Joe Hand Promotions, Inc. v. Alvarado et al

Filing 37

SUMMARY JUDGMENT DECISION 35 , signed by District Judge Lawrence J. O'Neill on 5/3/11. (Verduzco, M)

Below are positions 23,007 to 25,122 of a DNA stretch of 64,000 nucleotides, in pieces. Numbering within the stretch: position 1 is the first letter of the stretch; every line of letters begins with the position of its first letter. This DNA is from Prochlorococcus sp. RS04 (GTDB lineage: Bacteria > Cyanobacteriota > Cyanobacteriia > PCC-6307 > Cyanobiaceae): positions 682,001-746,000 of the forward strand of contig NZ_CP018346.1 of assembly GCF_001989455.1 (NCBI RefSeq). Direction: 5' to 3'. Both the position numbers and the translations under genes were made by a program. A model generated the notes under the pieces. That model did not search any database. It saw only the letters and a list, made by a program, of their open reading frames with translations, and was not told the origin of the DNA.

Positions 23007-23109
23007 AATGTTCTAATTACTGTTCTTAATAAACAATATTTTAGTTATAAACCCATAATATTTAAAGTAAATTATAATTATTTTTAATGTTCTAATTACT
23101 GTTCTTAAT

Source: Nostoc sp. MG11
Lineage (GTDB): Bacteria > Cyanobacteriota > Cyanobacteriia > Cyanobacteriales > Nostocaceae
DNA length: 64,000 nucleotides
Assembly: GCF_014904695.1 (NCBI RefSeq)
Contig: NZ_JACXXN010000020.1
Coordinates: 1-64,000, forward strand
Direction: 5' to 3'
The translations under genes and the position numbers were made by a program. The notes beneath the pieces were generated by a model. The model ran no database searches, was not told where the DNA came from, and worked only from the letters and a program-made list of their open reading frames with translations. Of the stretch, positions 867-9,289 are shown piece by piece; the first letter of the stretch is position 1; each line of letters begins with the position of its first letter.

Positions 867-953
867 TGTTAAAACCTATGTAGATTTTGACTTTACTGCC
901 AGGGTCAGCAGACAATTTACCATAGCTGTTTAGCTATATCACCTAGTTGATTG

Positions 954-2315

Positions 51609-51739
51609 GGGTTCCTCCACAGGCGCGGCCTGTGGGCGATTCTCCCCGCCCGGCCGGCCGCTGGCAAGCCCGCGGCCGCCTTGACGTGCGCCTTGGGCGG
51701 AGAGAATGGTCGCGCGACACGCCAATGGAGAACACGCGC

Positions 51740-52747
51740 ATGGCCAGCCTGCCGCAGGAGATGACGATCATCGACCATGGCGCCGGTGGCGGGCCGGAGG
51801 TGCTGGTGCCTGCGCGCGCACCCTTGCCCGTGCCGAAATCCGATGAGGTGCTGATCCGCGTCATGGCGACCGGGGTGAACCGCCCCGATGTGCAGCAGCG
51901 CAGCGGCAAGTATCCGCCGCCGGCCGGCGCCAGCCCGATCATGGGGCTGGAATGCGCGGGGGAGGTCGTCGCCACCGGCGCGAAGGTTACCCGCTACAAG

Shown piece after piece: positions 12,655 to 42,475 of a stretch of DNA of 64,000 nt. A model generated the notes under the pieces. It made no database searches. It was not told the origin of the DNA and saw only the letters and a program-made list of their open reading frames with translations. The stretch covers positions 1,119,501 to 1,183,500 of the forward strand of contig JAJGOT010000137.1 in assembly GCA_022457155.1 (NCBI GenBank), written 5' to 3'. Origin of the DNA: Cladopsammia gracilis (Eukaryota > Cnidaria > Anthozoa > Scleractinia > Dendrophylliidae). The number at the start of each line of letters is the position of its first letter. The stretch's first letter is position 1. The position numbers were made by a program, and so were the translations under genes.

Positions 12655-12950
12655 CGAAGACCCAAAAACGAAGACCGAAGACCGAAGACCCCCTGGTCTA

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1 2 3 4 5 6 7 8 9 IN THE UNITED STATES DISTRICT COURT 10 FOR THE EASTERN DISTRICT OF CALIFORNIA 11 12 JOE HAND PROMOTIONS, INC. 13 CASE NO. CV F 10-0907 LJO JLT Plaintiff, SUMMARY JUDGMENT DECISION (Doc. 35.) vs. 14 DAVID ALVARADO, et al., 15 Defendants. 16 / 17 INTRODUCTION 18 Defendants David Alvarado and Linda Alvarado (collectively the “Alvarados”) seek summary 19 judgment on plaintiff Joe Hand Promotions, Inc.’s (“Joe Hand’s”) cable piracy claims in that the 20 Alvarados did not own, operate or control the bar where Joe Hand’s exclusive programming was 21 allegedly intercepted. Joe Hand filed no papers to oppose summary judgment for the Alvarados. This 22 Court considered the Alvarados’ summary judgment motion on the record1 and VACATES the May 16, 23 2011 hearing, pursuant to Local Rule 230(c), (g). For the reasons discussed below, this Court GRANTS 24 the Alvarados summary judgment. 25 26 27 28 1 In the absence of Joe Hand’s opposition, this Court carefully reviewed and considered the entire record to determine whether the Alvarados’ summary judgment motion is well supported. Omission of reference to an argument, document or paper is not to be construed to the effect that this Court did not consider the argument, document or paper. This Court thoroughly reviewed, considered and applied the evidence and matters it deemed admissible, material and appropriate for summary judgment. 1 1 BACKGROUND 2 Summary 3 Joe Hand held exclusive closed-circuit distribution rights to Ultimate Fighting Championship 4 98: Rashad Evans v. Lyoto Machida (“telecast”), including under-card bouts, which were telecast 5 nationally on May 23, 2009. Joe Hand claims that the telecast was unlawfully intercepted at Frankie’s 6 Bar aka Patron’s Sports Bar in Madera. The Alvarados deny liability in that they did not own, operate 7 or control the bar at the time of the telecast. The Alvarados claim that alleged wrongdoing is attributable 8 to defendants Adolfo Ordaz, Jr., Susana Garcia and Andres Garcia (collectively the “Ordaz-Garcias”). 9 The Alvarados’ Declarations 10 In their declarations, the Alvarados state that: 11 1. 12 13 again resuming toward the end of 2009; 2. 14 15 The Alvarados owned and operated Frankie’s Bar in Madera prior to April 2009 and The Ordaz-Garcias leased the bar premises during April 1, 2009 to November 2009 and ran their Patron’s Sports Bar business; 3. 16 The Ordaz-Garcias held exclusive control to the bar premises and “assumed all responsibilities for the actions that took place therein,” including during May 2009; 17 4. Frankie’s Bar did not exist during the Ordaz-Garcias’ lease of the bar premises; 18 5. The Alvarados resumed control of the bar premises after the Ordaz-Garcias failed to pay 19 20 rent, and the Alvarados again operated the bar premises as Frankie’s Bar; 6. 21 22 Alvarados’ “knowledge, consent or permission”; 7. 23 24 8. The Alvarados were not informed of what took place at Patron’s Sports Bar on May 23, 2009; 9. 27 28 The Alvarados were not “in any way involved with what was taking place” at the bar premises on May 23, 2009; 25 26 If the telecast was shown at the bar premises, the Ordaz-Garcias did so without the As of May 23, 2009, the Alvarados neither owned the business nor had employees working at the bar premises; 10. Prior to the Ordaz-Garcias’ operation of the bar premises, the Alvarados “always 2 1 2 operated a lawful cable television system at the establishment”; 11. The Alvarados neither had prior knowledge that the telecast would be shown, had control 3 over what was shown on the Patron’s Sport Bar’s televisions, nor derived benefits from 4 telecast; 5 12. The Alvarados had neither a business nor financial stake in Patron’s Sports Bar; 6 13. The Alvarados held neither a supervisory position with control in Patron’s Sports Bar nor 7 8 the right or ability to supervise Patron’s Sport Bar activities; and 14. 9 The Alvarados neither played a part in violations of law regarding the telecast, authorized violations, nor “had a financial interest in any misconduct.” 10 Security Guards’ Declarations 11 Armando Gonzalez and Victor Gonzalez (collectively “security guards”) have worked as security 12 guards at the bar premises since prior to April 2009 to present. In their declarations, the security guards 13 state that: 14 1. 15 16 and began to run Patron’s Sports Bar; 2. 17 18 On April 1, 2009, defendant Adolfo Ordaz, Jr. (“Mr. Ordaz”) took over the bar premises On May 23, 2009 when the telecast was shown, the Alvarados “had nothing to do with the bar”; 3. 19 When the security guards worked for Mr. Ordaz, Mr. Ordaz ran the day-to-day operations, was at the bar all of the time, from opening to closing, and was in charge; 20 4. In May 2009, Mr. Ordaz paid the security guards, not the Alvarados; 21 5. Based on Mr. Ordaz’ instructions, the security guards during May 2009 never dealt with 22 23 the Alvarados, who according to Mr. Ordaz, “had nothing to do with the bar”; 6. 24 25 During May 2009, the Alvarados “were never informed about what was going on at the bar” and “had no control of what was taking place” at the bar premises; and 7. The security guards understood that based on Mr. Ordaz’ statements that Mr. Ordaz “was 26 the owner of the bar and was intentionally running the establishment independently” of 27 the Alvarados. 28 In his declaration, Victor Gonzalez notes: “When Adolfo Ordaz, Jr. took over the bar he changed 3 1 the television system to some kind of satellite system and also had a ‘black box.’ Adolfo Ordaz, Jr. 2 specifically told me ‘don’t tell nobody’ about the black box that was routinely used by Adolfo Ordaz, 3 Jr. to obtain various television programs, including sports events.” 4 5 6 Bartender’s Declaration Brandie Flores (“Ms. Flores”) worked as a bartender at Patron’s Sports Bar for three months starting in spring 2009. In her declaration, Ms. Flores states that: 7 1. Ms. Flores understood that Mr. Ordaz owned the bar; 8 2. Mr. Ordaz held himself out as “the owner of the establishment” and “often referred to 9 himself as the owner and made clear to all of the employees working there that he was 10 in charge and we were supposed to report to him”; 11 3. The Alvarados were in the bar when Ms. Flores worked there; 12 4. Ms. Flores lacked knowledge of the Alvarados’ involvement in the bar business; 13 5. As of May 23, 2009, the Alvarados “had nothing to do with the operations of the 14 televisions at the bar” and “the business was being run as Patron’s Sports Bar” by Mr. 15 Ordaz; 16 6. 17 18 19 20 Based on Mr. Ordaz’ statements, Ms. Flores understood that in May 2009, Mr. Ordaz owned the bar and intentionally ran it independently of the Alvarados; and 7. The Alvarados “were never informed about what was going on at the bar at that time, and they certainly had no control of what was taking place there.” Joe Hand’s Discovery Responses 21 Joe Hand referenced only a California liquor license in the Alvarados’ name to respond to the 22 Alvarados’ interrogatories seeking facts, witnesses and documents to support that the Alvarados 23 controlled the bar premises on May 23, 2009. In response to the Alvarados’ interrogatories seeking 24 facts, witnesses and documents to support that the Alvarados knew that the telecast would be shown on 25 May 23, 2009, Joe Hand responded that it was unaware whether the Alvarados knew that the telecast 26 would be shown. Joe Hand again referenced the liquor license to respond to interrogatories seeking 27 facts, witnesses and documents to support that the Alvarados owned and/or operated the bar premises 28 and had involvement in the decision to display the telecast. Joe Hand responded to other interrogatories 4 1 that it was unaware whether the Alvarados were personally present at Patron’s Sports Bar during the 2 telecast. 3 4 In responses to requests for admission, Joe Hand admitted that the liquor license is its only basis to support that the Alvarados owned and/or operated Patron’s Sports Bar. 5 The Alvarados note that in response to document requests, Joe Hand produced documents that 6 indicated that the Ordaz-Garcias were in charge of the bar premises and owned Patron’s Sports Bar on 7 May 23, 2009. Such documents include: 8 1. 9 Mr. Ordaz’ May 4, 2009 letter on Patron’s Sports Bar letterhead to identify the bar premises and to confirm that he is the owner; 10 2. A fictitious business name statement for Patron’s Sports Bar filed with the Madera 11 County Clerk on April 8, 2009, naming the Ordaz-Garcias as registrants and signed by 12 Mr. Ordaz; 13 3. 14 A May 29, 2009 check payable to Victor Gonzalez on a Wells Fargo Bank account for defendant Susana Garcia dba Patron’s Sports Bar; 15 4. An October 2009 merchant card processing statement in Patron’s Sports Bar’s name; 16 5. A contract confirmation between Patron’s Sports Bar and a radio station; and 17 6. A January 11, 2010 California Labor Commissioner decision to address claims against 18 Patron’s Sport Bar and the Ordaz-Garcias and which noted: 19 21 Defendant by his own admission operated the business as an owner, filed a fictitious business statement with the County of Madera to operate Patron’s Sports Bar under a general partnership, issued wages payments to Plaintiff with a check for Patron’s Sports Bar, and attempted to procure small business loans for the business as a general partnership doing business as Patron’s Sports Bar. 22 The Alvarados note that Joe Hand has failed to produce evidence that the Alvarados were 23 involved in “the alleged signal piracy activities and conversion of the television signal” or “wrongfully 24 obtained any money from the alleged television signal piracy.” The Alvarados contend that the sole 25 basis of their alleged liability is the liquor license in their names. 26 /// 27 /// 28 /// 20 5 1 2 Joe Hand’s Claims 3 Joe Hand’s complaint (“complaint”) alleges that the Alvarados and the Ordaz-Garcias unlawfully 4 pirated the telecast to violate the Communications Act of 1934, 47 U.S.C. §§ 605, et seq.,2 the Cable & 5 Television Consumer Protection and Competition Act of 1992, 47 U.S.C. §§ 553 et seq.,3 and the 6 California Unfair Competition Law (“UCL”), Cal. Bus. & Profs. Code, §§ 17200, et seq. The complaint 7 also alleges a conversion claim under California common law. 8 9 The complaint seeks to recover statutory, compensatory and punitive damages as well as attorney fees. 10 DISCUSSION 11 Summary Judgment Standards 12 The Alvarados seek summary judgment in the absence of evidence of their liability. 13 F.R.Civ.P. 56(a) permits a party to seek summary judgment “identifying each claim or defense 14 – or the part of each claim or defense – on which summary judgment is sought.” “A district court may 15 dispose of a particular claim or defense by summary judgment when one of the parties is entitled to 16 judgment as a matter of law on that claim or defense.” Beal Bank, SSB v. Pittorino, 177 F.3d 65, 68 (1st 17 Cir. 1999). 18 Summary judgment is appropriate when the movant shows “there is no genuine dispute as to any 19 material fact and the movant is entitled to judgment as a matter of law.” F.R.Civ.P. 56(a); Matsushita 20 Elec. Indus. v. Zenith Radio Corp., 475 U.S. 574, 587, 106 S.Ct. 1348, 1356 (1986); T.W. Elec. Serv., 21 Inc. v. Pacific Elec. Contractors Ass’n, 809 F.2d 626, 630 (9th Cir. 1987). The purpose of summary 22 judgment is to “pierce the pleadings and assess the proof in order to see whether there is a genuine need 23 for trial.” Matsushita Elec., 475 U.S. at 586, n. 11, 106 S.Ct. 1348; International Union of Bricklayers 24 v. Martin Jaska, Inc., 752 F.2d 1401, 1405 (9th Cir. 1985). 25 26 27 2 47 U.S.C. § 605, et seq., prohibits the unauthorized use of wire or radio communications, including interception and broadcast of pirated cable or broadcast programming. 3 28 47 U.S.C. § 553, et seq., prohibits interception or reception of any communication service over a cable system without authorization. 6 1 On summary judgment, a court must decide whether there is a “genuine issue as to any material 2 fact,” not weigh the evidence or determine the truth of contested matters. F.R.Civ.P. 56(a), (c); Covey 3 v. Hollydale Mobilehome Estates, 116 F.3d 830, 834 (9th Cir. 1997); see Adickes v. S.H. Kress & Co., 4 398 U.S. 144, 157, 90 S.Ct. 1598 (1970); Poller v. Columbia Broadcast System, 368 U.S. 464, 467, 82 5 S.Ct. 486 (1962); Loehr v. Ventura County Community College Dist., 743 F.2d 1310, 1313 (9th Cir. 6 1984). “Credibility determinations, the weighing of the evidence, and the drawing of legitimate 7 inferences from the facts are jury functions, not those of a judge, whether he is ruling on a motion for 8 summary judgment or for a directed verdict.” Anderson v. Liberty Lobby, Inc., 477 U.S. 242, 255, 106 9 S.Ct. 2505 (1986) 10 The evidence of the party opposing summary judgment is to be believed and all reasonable 11 inferences that may be drawn from the facts before the court must be drawn in favor of the opposing 12 party. Anderson, 477 U.S. at 255, 106 S.Ct. 2505; Matsushita, 475 U.S. at 587, 106 S.Ct. 1348. The 13 inquiry is “whether the evidence presents a sufficient disagreement to require submission to a jury or 14 whether it is so one-sided that one party must prevail as a matter of law.” Anderson, 477 U.S. at 251- 15 252, 106 S.Ct. 2505. 16 To carry its burden of production on summary judgment, a moving party “must either produce 17 evidence negating an essential element of the nonmoving party’s claim or defense or show that the 18 nonmoving party does not have enough evidence of an essential element to carry its ultimate burden of 19 persuasion at trial.” Nissan Fire & Marine Ins. Co. v. Fritz Companies, Inc., 210 F.3d 1099, 1102 (9th 20 Cir. 2000); see Soremekun v. Thrifty Payless, Inc., 509 F.3d 978, 984 (2007) (moving party is able to 21 prevail “by pointing out that there is an absence of evidence to support the nonmoving party’s case”); 22 High Tech Gays v. Defense Indus. Sec. Clearance Office, 895 F.2d 563, 574 (9th Cir. 1990). A 23 “complete failure of proof concerning an essential element of the nonmoving party's case necessarily 24 renders all other facts immaterial” to entitle the moving party to summary judgment. Celotex Corp. v. 25 Catrett, 477 U.S. 317, 323, 106 S.Ct. 2548 (1986). 26 “[T]o carry its ultimate burden of persuasion on the motion, the moving party must persuade the 27 court that there is no genuine issue of material fact.” Nissan Fire, 210 F.3d at 1102; see High Tech 28 Gays, 895 F.2d at 574. “As to materiality, the substantive law will identify which facts are material. 7 1 Only disputes over facts that might affect the outcome of the suit under the governing law will properly 2 preclude the entry of summary judgment.” Anderson, 477 U.S. at 248, 106 S.Ct. 2505. 3 “If a moving party fails to carry its initial burden of production, the nonmoving party has no 4 obligation to produce anything, even if the nonmoving party would have the ultimate burden of 5 persuasion at trial.” Nissan Fire, 210 F.3d at 1102-1103; see Adickes, 398 U.S. at 160, 90 S.Ct. 1598. 6 “If, however, a moving party carries its burden of production, the nonmoving party must produce 7 evidence to support its claim or defense.” Nissan Fire, 210 F.3d at 1103; see High Tech Gays, 895 F.2d 8 at 574. “If the nonmoving party fails to produce enough evidence to create a genuine issue of material 9 fact, the moving party wins the motion for summary judgment.” Nissan Fire, 210 F.3d at 1103; see 10 Celotex Corp. v. Catrett, 477 U.S. 317, 322, 106 S.Ct. 2548 (1986) (F.R.Civ.P. 56 “mandates the entry 11 of summary judgment, after adequate time for discovery and upon motion, against a party who fails to 12 make the showing sufficient to establish the existence of an element essential to that party’s case, and 13 on which that party will bear the burden of proof at trial. In such a situation, there can be no ‘genuine 14 issue as to any material fact,’ since a complete failure of proof concerning an essential element of the 15 nonmoving party’s case necessarily renders all other facts immaterial.”) 16 F.R.Civ.P. 56(e)(2) requires a party opposing summary judgment to “set out specific facts 17 showing a genuine issue for trial. If the opposing party does not so respond, summary judgment should, 18 if appropriate, be entered against that party.” “In the absence of specific facts, as opposed to allegations, 19 showing the existence of a genuine issue for trial, a properly supported summary judgment motion will 20 be granted.” Nilsson, Robbins, et al. v. Louisiana Hydrolec, 854 F.2d 1538, 1545 (9th Cir. 1988). When 21 a summary judgment motion is unopposed, a court must “determine whether summary judgment is 22 appropriate – that is, whether the moving party has shown itself to be entitled to judgment as a matter 23 of law.” Anchorage Associates v. V.I. Bd. of Tax Review, 922 F.2d 168, 175 (3rd Cir. 1990). A court 24 “cannot base the entry of summary judgment on the mere fact that the motion is unopposed, but, rather 25 must consider the merits of the motion.” United States v. One Piece of Real Property, etc., 363 F.3d 26 1099, 1101 (11th Cir. 2004). A court “need not sua sponte review all of the evidentiary materials on file 27 at the time the motion is granted, but must ensure that the motion itself is supported by evidentiary 28 materials.” One Piece of Real Property, 363 F.3d at 1101. 8 1 2 As discussed below, the Alvarados demonstrate that they are entitled to judgment as a matter of law. 3 Joe Hand’s Federal Communications Claims 4 Statutory Authorities 5 6 7 8 9 10 11 12 13 14 47 U.S.C. § 605 addresses unauthorized publication or use of wire or radio communications and provides in pertinent part: (a) . . . no person receiving, assisting in receiving . . . any interstate . . . communication by wire or radio shall divulge or publish the existence, contents, substance, purport, effect or meaning thereof, except through authorized channels of transmission or reception, (1) to any person other than the addressee, his agent, or attorney . . . No person having received any intercepted radio communication or having become acquainted with the contents, substance, purport, effect, or meaning of such communication (or any part thereof) knowing that such communication was intercepted, shall divulge or publish the existence, contents, substance, purport, effect, or meaning of such communication (or any part thereof) or use such communication (or any information therein contained) for his own benefit or for the benefit of another not entitled thereto. ... 15 (e)(3)(A) Any person aggrieved by an violation of subsection (a) of this section . . . may bring a civil action in a United States district court or in any other court of competent jurisdiction. 16 47 U.S.C. § 553 addresses unauthorized reception of cable service and provides in pertinent part: 17 (a)(1) No person shall intercept or receive or assist in intercepting or receiving any communications service offered over a cable system, unless specifically authorized to do so by a cable operator or as may otherwise be specifically authorized by law. 18 19 20 ... 21 (c)(1) Any person aggrieved by any violation of subsection (a)(1) of this section may bring a civil action in a United States district court or in any other court of competent jurisdiction. 22 47 U.S.C. § 605(e)(3)(C)(i)(II) authorizes statutory damages “not less than $1,000 or more than 23 $10,000, as the court considers just.” 47 U.S.C. §605(e)(3)(C)(ii) authorizes damages up to $100,000 24 if the court finds the violation was willfully committed for commercial advantage or private financial 25 gain. Alternatively, if “the court finds that the violator was not aware and had no reason to believe that 26 his acts constituted violation of this section, the court in its discretion may reduce the award of damages 27 to a sum of not less than $250.” 47 U.S.C. §605(e)(C)(iii). 28 47 U.S.C. §553(c)(3)(A)(ii) authorizes statutory damages “of not less than $250 or more than 9 1 $10,000 as the court considers just,” and 26 U.S.C. §553(c)(3)(B) authorizes damages up to $50,000 if 2 the court finds the violation was willfully committed for commercial advantage or private financial gain. 3 Alternatively, “where the court finds the violator was not aware and had no reason to believe his acts 4 constituted a violation of this section, the court in its discretion may reduce the award of damages to sum 5 not less than $100.” 47 U.S.C. § 553(c)(3)(C). 6 Individual Liability 7 8 The Alvarados argue they are not individually liable in the absence of evidence that they authorized alleged piracy of the telecast. 9 “Individual liability under the Cable Act requires that the individual authorize the underlying 10 violations.” J&J Sports Productions, Inc. v. 291 Bar & Lounge, LLC, 648 F.Supp.2d 469, 473 (E.D. 11 N.Y. 2009). “Put differently, the complaint must establish that the individual had a ‘right and ability 12 to supervise’ the violations, as well as an obvious and direct financial interest in the misconduct.” 291 13 Bar & Lounge, 648 F.Supp.2d at 473 (quoting Softel, Inc., v. Dragon Medical and Scientific 14 Communications, Inc., 118 F.3d 955, 971 (2d Cir.1997)). 15 The Alvarados hold Joe Hand to establish that the Alvarados: 16 1. Had control over the television at the time of the alleged signal piracy; 17 2. Authorized the violation; and 18 3. Derived a benefit from the alleged signal piracy. 19 The Alvarados argue that they were not in control of the television at Patron’s Sports Bar at the 20 time of the alleged signal piracy “as they had nothing to do with the business.” The Alvarados point to 21 the absence of their knowledge or control of events at Patron’s Sports Bar and evidence that they 22 authorized alleged signal piracy. The Alvarados note the absence of benefit to them from alleged signal 23 piracy. 24 The record is bare that the Alvarados authorized statutory violations to subject them to liability. 25 Nothing suggests that they had a right or ability to intercept the telecast on May 23, 2009 at Patron’s 26 Sports Bar. In addition, there is no evidence that the Alvarados derived a benefit from interception of 27 the telecast. As such, the Alvarados are not subject to liability for Joe Hand’s federal communications 28 claims. 10 1 2 3 Liquor License The Alvarados argue that their names on the liquor license for Patron’s Sports Bar is insufficient to support their liability under the federal communications claims. 4 “The owner of a liquor license has the responsibility to see to it that the license is not used in 5 violation of law and as a matter of general law the knowledge and acts of the employee or agent are 6 imputable to the licensee.” Munro v. Alcoholic Beverage etc. Control Appeals Board, 181 Cal.App.2d 7 162, 164, 5 Cal. Rptr. 527 (1961). 8 The Alvarados note that the Ordaz-Garcias were not their employees or agents to subject the 9 Alvarados to liability for the Ordaz-Garcias’ actions, especially given that the Alvarados were not 10 11 12 13 involved in Patron’s Sports Bar. The Alvarados’ names appearing on the liquor license is insufficient to subject them to liability under Joe Hand’s federal communications claims. Signal Interception 14 The Alvarados point to the absence of evidence that they intercepted the telecast or means by 15 which they could have obtained the telecast’s signal. The Alvarados note that in response to their 16 discovery requests, Joe Hand “produced nothing indicating that a satellite signal was stolen specifically.” 17 The Alvarados conclude that at most, the evidence reveals that the telecast was shown. 18 19 The Alvarados are correct. There is no evidence to suggest that they intercepted the telecast to further doom Joe Hand’s federal communications claims against the Alvarados. 20 21 22 23 24 Conversion The complaint’s conversion claim alleges that by interception of the telecast, the Alvarados “wrongfully converted same for their own use and benefit.” The Alvarados argue that an intangible personal property interest in the telecast’s exclusive license is not subject to a conversion claim. 25 “Conversion is the wrongful exercise of dominion over personal property of another.” 5 Witkin, 26 Summary of California Law, Torts (10th ed. 2005), § 699, p. 1023. “[C]onversion is a tort that may be 27 committed only with relation to personal property and not real property.” Munger v. Moore, 11 28 Cal.App.3d 1, 7, 89 Cal.Rptr. 323 (1970). 11 1 “Courts have traditionally refused to recognize as conversion the unauthorized taking of 2 intangible interests that are not merged with, or reflected in, something tangible.” Thrifty-Tel, Inc. v. 3 Bezenek, 46 Cal.App.4th 1559, 1565, 54 Cal.Rptr.2d 468 (1996) (citing Adkins v. Model Laundry Co., 4 92 Cal.App. 575, 583, 268 P. 939 (1928) (business goodwill); Olschewski v. Hudson, 87 Cal.App. 282, 5 286-288, 262 P. 43 (1927) (competitor's customer route); Faircloth v. A.L. Williams & Associates, 206 6 Ga.App. 764, 426 S.E.2d 601, 604-605 (1992) (unpaid commissions not evidenced by a receipt or 7 certificate); Matzan v. Eastman Kodak Co., 134 A.D.2d 863, 521 N.Y.S.2d 917, 918 (1987) (no 8 protected interest in an idea)). 9 The Alvarados also argue that Joe Hand lacks evidence to support conversion elements, putting 10 aside the tangibility requirement. The Alvarados contend that the evidence reveals at most that Joe Hand 11 owned the telecast and there is no evidence that the Alvarados disposed of the “property” to cause 12 damages. 13 “The elements of a conversion claim are: (1) the plaintiff's ownership or right to possession of 14 the property; (2) the defendant's conversion by a wrongful act or disposition of property rights; and (3) 15 damages. Conversion is a strict liability tort.” Burlesci v. Petersen, 68 Cal.App.4th 1062, 1065, 80 16 Cal.Rptr.2d 704 (1998). 17 The Alvarados are not subject to a conversion claim in absence of evidence that they wrongfully 18 exercised dominion of the telecast to cause Joe Hand damages. The record reveals that the Alvarados 19 lacked ability to intercept the telecast at Patron’s Sports Bar to preclude a conversion claim against them. 20 UCL Violation 21 22 The complaint alleges that unlawful interception of the telecast violated the UCL. The Alvarados note that Joe Hand’s UCL remedy is limited to restitution. 23 California Business and Professions Code section 17204 limits standing to bring a UCL claim 24 to specified public officials and a private person “who has suffered injury in fact and has lost money or 25 property as a result of the unfair competition.” 26 27 28 Business and Professions Code section 17203 addresses UCL relief and provides in pertinent part: Any person who engages, has engaged, or proposes to engage in unfair 12 1 competition may be enjoined in any court of competent jurisdiction. The court may make such orders or judgments . . . as may be necessary to restore to any person in interest any money or property, real or personal, which may have been acquired by means of such unfair competition. (Bold added.) 2 3 4 “In a suit under the UCL, a public prosecutor may collect civil penalties, but a private plaintiff's 5 remedies are ‘generally limited to injunctive relief and restitution.’” Kasky v. Nike, Inc., 27 Cal.4th 939, 6 950, 119 Cal.Rptr.2d 296 (2002) (quoting Cel-Tech Communications, Inc. v. Los Angeles Cellular 7 Telephone Co., 20 Cal.4th 163, 83 Cal.Rptr.2d 548 (1999)). 8 The Alvarados challenge existence of monies acquired by them through unfair competition in 9 connection with the telecast. The Alvarados are correct. The record lacks evidence that they obtained 10 money from the telecast to support restitution to Joe Hand. 11 The complaint’s UCL claim seeks attorney fees pursuant to California Code of Civil Procedure 12 section 1021.5, which authorizes an attorney fees award to a successful party “in any action which has 13 resulted in the enforcement of an important right affecting the public interest if: (a) a significant benefit, 14 whether pecuniary or nonpecuniary, has been conferred on the general public or a large class of persons 15 . . .” The Alvarados correctly note the absence of a significant benefit to the general public or a large 16 class to entitle them to summary judgment on the attorney fees claim. 17 CONCLUSION AND ORDER 18 For the reasons discussed below, this Court: 19 1. GRANTS the Alvarados summary judgment; 20 2. DIRECTS the clerk to enter judgment in favor of defendants David Alvarado and Linda 21 Alvarado and against plaintiff Joe Hand Promotions, Inc. in that there is no just reason 22 to delay to enter such judgment given that Joe Hand’s claims against the Alvarados and 23 the Alvarados’ alleged liability are clear and distinct from claims against and liability of 24 any other defendant. See F.R.Civ.P. 54(b); and 25 3. FURTHER DIRECTS the clerk NOT to close this action with continues against the 26 Ordaz-Garcias. 27 IT IS SO ORDERED. 28 Dated: May 3, 2011 /s/ Lawrence J. O'Neill 13 1 66h44d UNITED STATES DISTRICT JUDGE 2 3 4 5 6 7 8 9 10 11 12 13 14 15 16 17 18 19 20 21 22 23 24 25 26 27 28 14